about a matter to give us advice; a newborn refusing a bottle is
advising us - in the only way available to her - of the
superiority of breastfeeding; a baby who cries when "put
down" is an authority on the critical importance of bonding
through touch; a child who cries in the night is communicating
the wisdom of centuries of families sleeping together.
We need to free ourselves from age stereotypes, so that we
can begin to appreciate and respect others of all ages. But
until we reach that point, legislation and official
spokespersons will be needed for young and old alike.
Rejection and mistrust of children and seniors is especially
prevalent in North America; in other cultures, are more warmly
welcomed and accepted. In Scandinavia, government subsidies
allow the elderly to remain at home, where they receive free
meals, transportation, and care; for children there are laws
requiring the initiation of breastfeeding, prohibiting spanking
and bullying, and even regulating the design of new buildings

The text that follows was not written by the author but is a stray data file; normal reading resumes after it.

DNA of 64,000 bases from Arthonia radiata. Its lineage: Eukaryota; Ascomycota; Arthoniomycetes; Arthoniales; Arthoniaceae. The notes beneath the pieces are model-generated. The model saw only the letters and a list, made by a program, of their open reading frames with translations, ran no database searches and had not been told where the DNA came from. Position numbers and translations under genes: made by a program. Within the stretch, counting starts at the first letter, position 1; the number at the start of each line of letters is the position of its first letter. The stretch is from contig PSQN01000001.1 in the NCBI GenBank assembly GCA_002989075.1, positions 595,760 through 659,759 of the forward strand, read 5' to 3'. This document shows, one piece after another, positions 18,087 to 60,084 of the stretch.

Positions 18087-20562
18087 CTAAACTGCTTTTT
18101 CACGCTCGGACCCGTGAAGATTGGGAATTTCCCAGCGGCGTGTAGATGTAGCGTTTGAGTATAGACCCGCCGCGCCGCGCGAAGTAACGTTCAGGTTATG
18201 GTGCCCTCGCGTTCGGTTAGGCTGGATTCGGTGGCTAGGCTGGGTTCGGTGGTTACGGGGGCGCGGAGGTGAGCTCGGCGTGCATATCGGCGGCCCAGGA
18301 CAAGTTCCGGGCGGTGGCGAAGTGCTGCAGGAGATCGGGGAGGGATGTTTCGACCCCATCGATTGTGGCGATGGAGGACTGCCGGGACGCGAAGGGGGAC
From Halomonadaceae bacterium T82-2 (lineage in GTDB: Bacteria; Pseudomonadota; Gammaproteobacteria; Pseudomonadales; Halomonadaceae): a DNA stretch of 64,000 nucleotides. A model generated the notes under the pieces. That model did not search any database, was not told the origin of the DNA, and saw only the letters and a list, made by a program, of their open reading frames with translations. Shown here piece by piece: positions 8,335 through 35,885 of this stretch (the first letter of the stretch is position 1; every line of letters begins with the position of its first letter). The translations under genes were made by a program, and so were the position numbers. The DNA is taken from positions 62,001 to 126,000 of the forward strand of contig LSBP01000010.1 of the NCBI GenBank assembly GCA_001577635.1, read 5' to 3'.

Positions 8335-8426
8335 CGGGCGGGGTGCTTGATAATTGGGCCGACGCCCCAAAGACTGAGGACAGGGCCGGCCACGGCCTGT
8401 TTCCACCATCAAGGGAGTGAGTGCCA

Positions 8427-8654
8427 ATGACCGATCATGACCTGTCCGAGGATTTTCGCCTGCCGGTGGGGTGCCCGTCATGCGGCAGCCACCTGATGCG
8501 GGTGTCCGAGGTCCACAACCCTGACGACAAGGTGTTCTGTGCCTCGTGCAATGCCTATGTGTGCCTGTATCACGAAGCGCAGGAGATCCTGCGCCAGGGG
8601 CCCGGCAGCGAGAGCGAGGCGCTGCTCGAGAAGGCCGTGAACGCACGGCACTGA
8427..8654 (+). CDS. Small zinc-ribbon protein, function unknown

from a child's point of view. Norway has a "Commissioner
for Children", an independent, public spokesperson who
protects children's interests - the first in the world.
These successful programs give us hope and set examples for
the work that lies ahead. We have begun the process of
legislating the rights of senior citizens, and more needs to be
done. We also need to consider the rights of children, who
cannot speak for themselves, and who are therefore the most
vulnerable group in our society.
As Dr. Seuss reminds us, "A person's a person, no matter
how small" - or how frail. We should treat one another with
love and respect, free from biases and expectations based on
age. When young and old are valued for their ageless spirit
within, we will all live more freely and joyfully.